Strážky – St Anne’s Church


   The church was built in the second half, or perhaps at the end of the 15th century, although the village of Strážky was recorded in documents as early as 1251. At the turn of the 15th and 16th centuries, a porch was added, and then the interior was decorated with late-Gothic wall paintings. At the end of the 16th century, after the building was taken by Protestants, the western entrance to the nave was bricked up and the interior was filled with a timber gallery. Medieval polychromes were also probably painted over at that time. In the first half of the 17th century, a rectangular annex was added to the northern wall of the nave. It served as a morgue, warehouse, and in the event of an emergency it also had a defensive function, as evidenced by narrow slits. After minor adjustments in the 18th and 19th centuries, a major renovation was carried out in the 1970s. The static problems of the building and the dampness of its walls required it. In 1986, research on late-gothic wall paintings was carried out, and their renewal took place in the early 1990s.


   The church was built in the Poprad valley, in the vicinity of a medieval small stronghold and a defensive tower, later used as a belfry. The church was built as a small, aisleless building with a chancel, narrower than the nave, and a sacristy on the north side. In the late Middle Ages, a porch was added in front of the southern entrance, moreover, there was still an entrance from the west facade. Inside, both the nave, the chancel and the sacristy were covered with cross-rib vaults, although only the choir was reinforced with buttresses from the outside. The church was lit by large pointed windows filled with traceries, pierced only from the east and south, so where it was possible to get the most sunlight.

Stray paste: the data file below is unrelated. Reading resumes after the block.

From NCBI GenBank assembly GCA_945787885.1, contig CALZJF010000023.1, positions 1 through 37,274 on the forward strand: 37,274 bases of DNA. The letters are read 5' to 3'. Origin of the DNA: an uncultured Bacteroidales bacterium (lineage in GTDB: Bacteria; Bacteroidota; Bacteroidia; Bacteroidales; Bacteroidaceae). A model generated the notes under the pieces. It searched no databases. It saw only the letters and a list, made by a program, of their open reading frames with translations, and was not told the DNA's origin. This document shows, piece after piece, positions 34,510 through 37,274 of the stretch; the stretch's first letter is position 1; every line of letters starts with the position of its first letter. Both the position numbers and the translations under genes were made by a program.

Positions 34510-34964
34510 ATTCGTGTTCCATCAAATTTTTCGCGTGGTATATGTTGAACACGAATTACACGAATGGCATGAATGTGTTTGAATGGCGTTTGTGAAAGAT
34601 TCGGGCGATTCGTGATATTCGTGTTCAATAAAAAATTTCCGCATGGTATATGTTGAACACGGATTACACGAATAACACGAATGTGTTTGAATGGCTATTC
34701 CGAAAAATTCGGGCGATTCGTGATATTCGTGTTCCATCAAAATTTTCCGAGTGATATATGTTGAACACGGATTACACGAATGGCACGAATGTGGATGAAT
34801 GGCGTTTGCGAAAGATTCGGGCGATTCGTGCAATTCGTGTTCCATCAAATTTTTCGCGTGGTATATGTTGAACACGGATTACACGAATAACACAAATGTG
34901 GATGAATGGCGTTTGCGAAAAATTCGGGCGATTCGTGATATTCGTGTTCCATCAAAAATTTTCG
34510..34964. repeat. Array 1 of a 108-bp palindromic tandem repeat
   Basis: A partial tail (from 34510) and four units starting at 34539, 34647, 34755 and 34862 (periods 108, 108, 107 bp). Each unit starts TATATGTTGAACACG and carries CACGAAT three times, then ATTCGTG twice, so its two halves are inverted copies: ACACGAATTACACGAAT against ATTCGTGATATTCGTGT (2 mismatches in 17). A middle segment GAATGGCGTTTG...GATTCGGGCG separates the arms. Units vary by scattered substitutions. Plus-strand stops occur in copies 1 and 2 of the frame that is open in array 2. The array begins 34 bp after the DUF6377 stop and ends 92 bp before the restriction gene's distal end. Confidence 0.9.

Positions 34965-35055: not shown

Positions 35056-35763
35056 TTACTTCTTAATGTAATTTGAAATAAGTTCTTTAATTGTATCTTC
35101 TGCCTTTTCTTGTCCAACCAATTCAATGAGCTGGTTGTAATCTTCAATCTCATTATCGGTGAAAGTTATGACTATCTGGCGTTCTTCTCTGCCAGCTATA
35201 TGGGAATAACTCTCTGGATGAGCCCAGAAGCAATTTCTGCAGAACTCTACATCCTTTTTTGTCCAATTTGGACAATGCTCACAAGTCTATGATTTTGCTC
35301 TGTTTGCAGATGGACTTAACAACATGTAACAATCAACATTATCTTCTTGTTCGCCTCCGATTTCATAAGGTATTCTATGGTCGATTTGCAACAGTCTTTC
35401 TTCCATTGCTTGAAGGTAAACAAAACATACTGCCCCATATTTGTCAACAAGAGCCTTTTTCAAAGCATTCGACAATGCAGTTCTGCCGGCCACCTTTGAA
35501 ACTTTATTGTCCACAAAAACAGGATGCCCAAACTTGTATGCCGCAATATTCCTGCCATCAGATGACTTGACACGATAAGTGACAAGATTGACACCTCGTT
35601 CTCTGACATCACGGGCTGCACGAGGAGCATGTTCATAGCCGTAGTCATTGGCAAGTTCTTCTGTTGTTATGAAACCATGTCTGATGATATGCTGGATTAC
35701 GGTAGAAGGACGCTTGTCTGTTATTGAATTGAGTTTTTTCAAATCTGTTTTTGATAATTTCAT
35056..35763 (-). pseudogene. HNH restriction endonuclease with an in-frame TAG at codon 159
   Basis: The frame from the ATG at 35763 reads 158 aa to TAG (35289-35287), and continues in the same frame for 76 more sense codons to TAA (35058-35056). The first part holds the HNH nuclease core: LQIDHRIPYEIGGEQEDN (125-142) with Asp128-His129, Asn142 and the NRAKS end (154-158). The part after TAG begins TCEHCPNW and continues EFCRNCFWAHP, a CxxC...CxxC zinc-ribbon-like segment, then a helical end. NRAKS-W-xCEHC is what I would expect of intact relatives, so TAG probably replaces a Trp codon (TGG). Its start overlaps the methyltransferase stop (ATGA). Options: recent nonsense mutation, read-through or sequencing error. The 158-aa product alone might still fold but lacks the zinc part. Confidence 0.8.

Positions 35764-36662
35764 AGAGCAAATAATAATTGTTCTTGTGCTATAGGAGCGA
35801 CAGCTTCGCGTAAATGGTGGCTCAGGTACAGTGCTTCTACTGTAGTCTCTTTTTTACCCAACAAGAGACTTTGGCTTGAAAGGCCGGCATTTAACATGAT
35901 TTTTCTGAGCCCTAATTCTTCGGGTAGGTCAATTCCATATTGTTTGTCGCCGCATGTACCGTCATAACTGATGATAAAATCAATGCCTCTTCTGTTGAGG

Current state

   The structure of the church has practically been preserved in its original late Gothic form. Along with wall paintings and architectural elements of the interior (portals, pastophorium, window traceries) and rib vaults, it is a valuable example of late Gothic art in Slovakia. Among the medieval furnishings in the church, there are three late gothic altars from the first quarter of the 16th century. The oldest altar from the mid-15th century was moved to the museum in Bratislava.

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Podolinský Š., Románske kostoly, Bratislava 2009.
Slovensko. Ilustrovaná encyklopédia pamiatok, red. P.Kresánek, Bratislava 2020.